As new legislation makes its way through the halls of Congress to try and fix the mess
highlighted by the Librarian of Congress's refusal to extend a DMCA exemption on cell-phone unlocking
an important question has arisen: to whom, exactly, does the Librarian answer?
It matters a great deal whether the Librarian is part of the Executive or the Legislative branch. It appears that the Obama administration wants to have it both ways, as laid out in this ConcurringOpinions post by John Duffy, Peter Strauss and Michael Herz.
People may recall that when the Whitehouse.gov petition on unlocking got enough signatures to require a response, the Administration said "yes, we support that but we can't do anything about it because the Librarian is part of the Legislative branch, so sorry." And in fact, that appears to be the Librarian's position as well, as the posting quotes Congressional testimony from the Librarian saying, for example, that the office is “a unique part of the Legislative Branch of the government.”
But with little fanfare the DOJ is in Federal court right now arguing the opposite in a case that has now reached (and may be heard by) the Supreme Court called Intercollegiate Broadcasting System, Inc. v. Copyright Royalty Board. Here's a money quote:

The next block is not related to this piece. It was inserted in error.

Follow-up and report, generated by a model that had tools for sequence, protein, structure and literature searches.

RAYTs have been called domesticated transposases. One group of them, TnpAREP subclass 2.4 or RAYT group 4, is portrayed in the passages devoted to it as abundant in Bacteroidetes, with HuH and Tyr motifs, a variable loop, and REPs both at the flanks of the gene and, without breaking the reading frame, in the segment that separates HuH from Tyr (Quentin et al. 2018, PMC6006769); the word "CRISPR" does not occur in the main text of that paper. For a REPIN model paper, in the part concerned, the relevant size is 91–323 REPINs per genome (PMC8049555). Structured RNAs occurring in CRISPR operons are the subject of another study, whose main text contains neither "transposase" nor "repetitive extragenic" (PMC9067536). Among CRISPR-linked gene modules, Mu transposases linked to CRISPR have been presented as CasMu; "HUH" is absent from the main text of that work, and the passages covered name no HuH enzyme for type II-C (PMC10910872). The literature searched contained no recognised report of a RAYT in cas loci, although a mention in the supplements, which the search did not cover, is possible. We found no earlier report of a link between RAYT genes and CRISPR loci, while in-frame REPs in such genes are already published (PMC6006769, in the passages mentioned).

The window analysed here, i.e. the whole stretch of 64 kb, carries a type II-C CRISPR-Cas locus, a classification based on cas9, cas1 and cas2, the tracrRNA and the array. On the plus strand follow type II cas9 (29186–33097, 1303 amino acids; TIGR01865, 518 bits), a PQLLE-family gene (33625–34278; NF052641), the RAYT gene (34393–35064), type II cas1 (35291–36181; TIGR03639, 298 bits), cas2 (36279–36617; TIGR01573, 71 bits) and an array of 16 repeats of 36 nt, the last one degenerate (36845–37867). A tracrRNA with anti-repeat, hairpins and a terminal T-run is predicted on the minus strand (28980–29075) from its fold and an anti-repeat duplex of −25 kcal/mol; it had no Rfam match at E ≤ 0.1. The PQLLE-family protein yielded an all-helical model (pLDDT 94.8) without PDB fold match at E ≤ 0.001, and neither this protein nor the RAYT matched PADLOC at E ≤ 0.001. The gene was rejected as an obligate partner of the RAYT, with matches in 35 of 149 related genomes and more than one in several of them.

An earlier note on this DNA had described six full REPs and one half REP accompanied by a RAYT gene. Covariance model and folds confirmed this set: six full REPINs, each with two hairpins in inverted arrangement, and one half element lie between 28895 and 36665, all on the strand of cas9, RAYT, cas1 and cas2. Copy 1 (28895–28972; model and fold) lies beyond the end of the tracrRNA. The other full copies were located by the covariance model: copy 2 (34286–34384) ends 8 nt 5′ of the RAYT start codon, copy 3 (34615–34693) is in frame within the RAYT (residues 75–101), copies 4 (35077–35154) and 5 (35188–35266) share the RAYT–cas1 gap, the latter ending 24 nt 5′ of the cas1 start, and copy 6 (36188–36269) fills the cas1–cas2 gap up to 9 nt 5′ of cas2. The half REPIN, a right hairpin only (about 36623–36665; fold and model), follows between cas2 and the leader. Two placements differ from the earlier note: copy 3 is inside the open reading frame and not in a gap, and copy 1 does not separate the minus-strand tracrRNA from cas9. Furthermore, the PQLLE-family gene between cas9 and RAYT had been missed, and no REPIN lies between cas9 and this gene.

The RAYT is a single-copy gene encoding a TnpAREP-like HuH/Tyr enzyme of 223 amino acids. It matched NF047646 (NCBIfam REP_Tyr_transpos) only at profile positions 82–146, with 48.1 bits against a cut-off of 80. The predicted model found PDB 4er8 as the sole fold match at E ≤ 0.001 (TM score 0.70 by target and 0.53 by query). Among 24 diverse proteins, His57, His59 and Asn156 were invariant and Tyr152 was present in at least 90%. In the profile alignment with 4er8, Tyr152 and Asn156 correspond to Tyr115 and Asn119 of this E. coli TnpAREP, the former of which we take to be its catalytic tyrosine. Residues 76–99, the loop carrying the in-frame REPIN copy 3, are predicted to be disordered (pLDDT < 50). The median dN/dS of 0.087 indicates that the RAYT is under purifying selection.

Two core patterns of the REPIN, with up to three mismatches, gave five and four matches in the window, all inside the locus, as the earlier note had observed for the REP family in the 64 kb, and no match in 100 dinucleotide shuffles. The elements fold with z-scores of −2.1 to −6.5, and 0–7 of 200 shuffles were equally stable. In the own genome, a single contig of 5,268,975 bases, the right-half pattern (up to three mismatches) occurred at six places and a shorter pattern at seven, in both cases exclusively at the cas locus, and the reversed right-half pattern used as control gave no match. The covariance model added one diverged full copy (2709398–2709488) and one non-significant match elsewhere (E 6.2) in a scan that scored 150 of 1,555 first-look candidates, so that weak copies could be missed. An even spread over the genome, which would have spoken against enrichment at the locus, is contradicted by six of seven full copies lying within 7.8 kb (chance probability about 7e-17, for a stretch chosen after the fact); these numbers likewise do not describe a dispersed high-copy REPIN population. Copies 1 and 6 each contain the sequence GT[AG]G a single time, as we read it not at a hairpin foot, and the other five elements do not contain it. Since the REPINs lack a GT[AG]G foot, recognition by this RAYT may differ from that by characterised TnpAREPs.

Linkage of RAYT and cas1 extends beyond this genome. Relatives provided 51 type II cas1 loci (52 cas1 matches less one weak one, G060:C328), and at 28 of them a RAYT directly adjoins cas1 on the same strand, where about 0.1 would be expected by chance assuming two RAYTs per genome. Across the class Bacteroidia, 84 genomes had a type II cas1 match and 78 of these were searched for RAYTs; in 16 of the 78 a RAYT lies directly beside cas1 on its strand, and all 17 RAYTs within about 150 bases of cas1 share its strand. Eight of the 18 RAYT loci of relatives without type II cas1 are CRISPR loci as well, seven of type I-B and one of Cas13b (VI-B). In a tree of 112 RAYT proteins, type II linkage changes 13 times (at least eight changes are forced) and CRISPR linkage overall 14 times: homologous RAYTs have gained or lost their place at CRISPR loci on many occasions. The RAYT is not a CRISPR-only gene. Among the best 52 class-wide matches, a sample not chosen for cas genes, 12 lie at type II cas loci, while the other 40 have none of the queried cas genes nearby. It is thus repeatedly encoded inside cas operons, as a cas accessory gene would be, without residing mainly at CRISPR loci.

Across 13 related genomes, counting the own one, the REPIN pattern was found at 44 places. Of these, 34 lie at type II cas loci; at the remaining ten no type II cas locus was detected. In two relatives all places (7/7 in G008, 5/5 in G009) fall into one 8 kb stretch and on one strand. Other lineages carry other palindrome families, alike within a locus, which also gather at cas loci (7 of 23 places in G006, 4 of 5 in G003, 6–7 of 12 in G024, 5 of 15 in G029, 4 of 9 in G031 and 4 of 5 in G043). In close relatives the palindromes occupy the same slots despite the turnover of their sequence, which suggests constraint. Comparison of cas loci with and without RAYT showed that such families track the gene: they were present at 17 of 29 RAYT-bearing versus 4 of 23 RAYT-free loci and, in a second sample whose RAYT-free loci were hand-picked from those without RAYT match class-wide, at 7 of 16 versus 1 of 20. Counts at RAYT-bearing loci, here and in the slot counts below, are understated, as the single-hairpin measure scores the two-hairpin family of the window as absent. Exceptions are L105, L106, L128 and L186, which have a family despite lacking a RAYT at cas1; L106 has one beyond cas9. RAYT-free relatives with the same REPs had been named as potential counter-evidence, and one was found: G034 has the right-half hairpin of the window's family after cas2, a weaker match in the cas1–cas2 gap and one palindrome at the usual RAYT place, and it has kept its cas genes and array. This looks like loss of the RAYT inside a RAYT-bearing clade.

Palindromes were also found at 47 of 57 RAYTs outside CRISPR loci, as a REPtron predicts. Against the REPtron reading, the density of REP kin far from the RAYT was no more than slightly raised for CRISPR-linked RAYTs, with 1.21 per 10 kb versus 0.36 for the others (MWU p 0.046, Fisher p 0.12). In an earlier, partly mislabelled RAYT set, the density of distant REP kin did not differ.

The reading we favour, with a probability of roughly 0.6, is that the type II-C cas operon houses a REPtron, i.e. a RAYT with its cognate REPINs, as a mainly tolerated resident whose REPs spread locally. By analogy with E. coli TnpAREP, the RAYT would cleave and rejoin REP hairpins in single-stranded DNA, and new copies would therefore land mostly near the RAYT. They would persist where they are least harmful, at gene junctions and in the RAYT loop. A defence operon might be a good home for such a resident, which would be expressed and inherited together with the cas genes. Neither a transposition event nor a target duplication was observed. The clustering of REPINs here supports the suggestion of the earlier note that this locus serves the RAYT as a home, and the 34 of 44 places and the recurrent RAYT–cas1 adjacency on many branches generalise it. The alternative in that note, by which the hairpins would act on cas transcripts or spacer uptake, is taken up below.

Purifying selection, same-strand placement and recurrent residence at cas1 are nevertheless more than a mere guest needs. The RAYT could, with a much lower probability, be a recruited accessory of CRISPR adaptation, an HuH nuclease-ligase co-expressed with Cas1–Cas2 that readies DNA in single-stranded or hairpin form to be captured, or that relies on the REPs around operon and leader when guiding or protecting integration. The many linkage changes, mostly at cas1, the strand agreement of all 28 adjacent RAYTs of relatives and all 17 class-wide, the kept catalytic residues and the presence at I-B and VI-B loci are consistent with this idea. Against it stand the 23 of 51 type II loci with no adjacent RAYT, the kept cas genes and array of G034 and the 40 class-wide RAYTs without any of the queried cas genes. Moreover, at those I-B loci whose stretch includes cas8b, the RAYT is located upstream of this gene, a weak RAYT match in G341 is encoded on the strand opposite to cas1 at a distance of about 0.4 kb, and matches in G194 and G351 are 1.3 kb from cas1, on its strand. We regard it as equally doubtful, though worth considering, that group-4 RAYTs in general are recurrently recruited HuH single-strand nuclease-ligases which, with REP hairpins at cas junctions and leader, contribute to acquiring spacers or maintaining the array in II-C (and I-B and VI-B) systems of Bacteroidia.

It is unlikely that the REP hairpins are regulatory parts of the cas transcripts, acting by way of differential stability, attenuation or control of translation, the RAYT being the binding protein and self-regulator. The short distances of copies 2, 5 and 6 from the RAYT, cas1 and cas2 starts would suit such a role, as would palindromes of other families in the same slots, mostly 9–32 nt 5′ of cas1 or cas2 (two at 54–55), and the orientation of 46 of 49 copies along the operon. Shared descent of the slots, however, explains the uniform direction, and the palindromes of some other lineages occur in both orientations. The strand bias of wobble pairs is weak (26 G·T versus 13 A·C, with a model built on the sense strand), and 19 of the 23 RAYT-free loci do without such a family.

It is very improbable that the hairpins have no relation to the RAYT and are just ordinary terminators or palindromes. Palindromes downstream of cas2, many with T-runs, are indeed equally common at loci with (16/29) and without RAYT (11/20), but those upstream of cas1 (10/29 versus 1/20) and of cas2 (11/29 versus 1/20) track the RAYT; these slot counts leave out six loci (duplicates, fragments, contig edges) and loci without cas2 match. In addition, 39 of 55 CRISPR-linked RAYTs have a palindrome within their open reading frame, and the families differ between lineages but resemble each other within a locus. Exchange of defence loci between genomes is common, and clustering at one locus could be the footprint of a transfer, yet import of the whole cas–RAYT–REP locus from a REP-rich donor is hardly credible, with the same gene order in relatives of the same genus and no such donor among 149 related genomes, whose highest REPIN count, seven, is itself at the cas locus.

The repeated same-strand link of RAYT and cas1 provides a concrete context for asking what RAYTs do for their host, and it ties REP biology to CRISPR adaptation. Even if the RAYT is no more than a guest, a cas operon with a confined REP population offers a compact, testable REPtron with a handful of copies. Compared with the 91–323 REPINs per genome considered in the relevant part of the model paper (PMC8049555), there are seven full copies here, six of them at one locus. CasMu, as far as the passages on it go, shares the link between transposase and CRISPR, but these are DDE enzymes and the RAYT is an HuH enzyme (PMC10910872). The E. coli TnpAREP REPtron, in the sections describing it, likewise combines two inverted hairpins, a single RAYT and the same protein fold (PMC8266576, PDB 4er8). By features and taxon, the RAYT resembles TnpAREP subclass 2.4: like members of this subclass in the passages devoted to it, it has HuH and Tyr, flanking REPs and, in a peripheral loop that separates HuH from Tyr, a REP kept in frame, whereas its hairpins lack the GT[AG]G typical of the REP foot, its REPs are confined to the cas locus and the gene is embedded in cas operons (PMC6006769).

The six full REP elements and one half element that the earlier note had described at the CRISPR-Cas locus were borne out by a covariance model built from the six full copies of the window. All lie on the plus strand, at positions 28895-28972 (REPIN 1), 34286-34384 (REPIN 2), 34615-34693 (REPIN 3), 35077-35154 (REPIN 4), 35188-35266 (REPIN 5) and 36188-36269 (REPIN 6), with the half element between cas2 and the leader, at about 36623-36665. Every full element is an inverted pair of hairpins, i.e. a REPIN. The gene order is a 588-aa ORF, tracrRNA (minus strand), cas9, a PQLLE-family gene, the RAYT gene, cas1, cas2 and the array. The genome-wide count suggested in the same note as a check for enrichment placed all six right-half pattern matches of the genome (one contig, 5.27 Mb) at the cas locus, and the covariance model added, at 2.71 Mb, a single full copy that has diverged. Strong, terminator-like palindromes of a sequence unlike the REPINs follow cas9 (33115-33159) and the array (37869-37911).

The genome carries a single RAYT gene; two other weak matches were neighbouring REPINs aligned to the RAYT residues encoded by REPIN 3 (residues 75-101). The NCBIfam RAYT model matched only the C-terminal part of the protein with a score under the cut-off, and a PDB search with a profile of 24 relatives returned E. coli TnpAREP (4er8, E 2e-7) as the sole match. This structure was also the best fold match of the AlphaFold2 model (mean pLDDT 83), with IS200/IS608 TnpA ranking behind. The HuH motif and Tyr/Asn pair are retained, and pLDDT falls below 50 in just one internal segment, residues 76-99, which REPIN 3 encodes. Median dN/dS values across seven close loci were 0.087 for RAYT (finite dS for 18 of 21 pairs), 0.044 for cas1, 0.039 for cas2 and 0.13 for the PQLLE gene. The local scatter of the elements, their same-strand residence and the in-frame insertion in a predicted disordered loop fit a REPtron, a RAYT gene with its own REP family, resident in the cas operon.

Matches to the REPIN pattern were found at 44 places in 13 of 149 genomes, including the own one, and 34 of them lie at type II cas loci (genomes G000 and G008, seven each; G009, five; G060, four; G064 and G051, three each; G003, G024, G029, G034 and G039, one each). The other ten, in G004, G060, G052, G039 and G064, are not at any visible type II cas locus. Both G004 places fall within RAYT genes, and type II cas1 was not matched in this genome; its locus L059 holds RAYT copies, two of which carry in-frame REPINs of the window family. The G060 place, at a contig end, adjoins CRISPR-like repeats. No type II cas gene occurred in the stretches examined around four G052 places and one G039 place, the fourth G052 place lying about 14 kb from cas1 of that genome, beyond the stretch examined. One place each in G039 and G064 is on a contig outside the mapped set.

the Library of Congress is “an executive Department,” and the Librarian himself is “subject to plenary oversight by the President.”
ORLY? Why would they want to argue that? Because, as the cell-phone case shows, the Librarian has been vested with authority to execute - that is, carry out the enforcement of - copyright legislation. This is done via the Librarian appointing the Registrar of Copyrights and the judges of the Copyright Royalty Board. And the Administration wants that to continue because this provides them a convenient arm's-length distance from the mess that enforcing those laws is creating.
It's pretty well understood by Constitutional scholars that such appointment powers should reside only with the Executive. Congress can advise and consent, including blocking appointments over which it has advisory power, but the Legislative branch under our government cannot take the initiative to appoint those people who will execute the laws, nor those who sit in judgment over them. Congress hears nominations for judicial offices on the basis of Executive-branch desires to appoint, and that includes judges of copyright.
As noted above, this case is still only at the petition stage, but there's hope that if SCOTUS takes it, the Court will unravel this knot by making a clear decision. Once they do that it will be clear that the Administration has the power to enforce copyright laws and they will no longer be able to weasel out of public demand for changes in how enforcement is done. New legislation to fix the underlying laws is still welcome, but this case could create a bright line that will force Obama to choose between the public and his Cartel funders. Sadly, I have a suspicion he'll end up on the wrong side of that line again.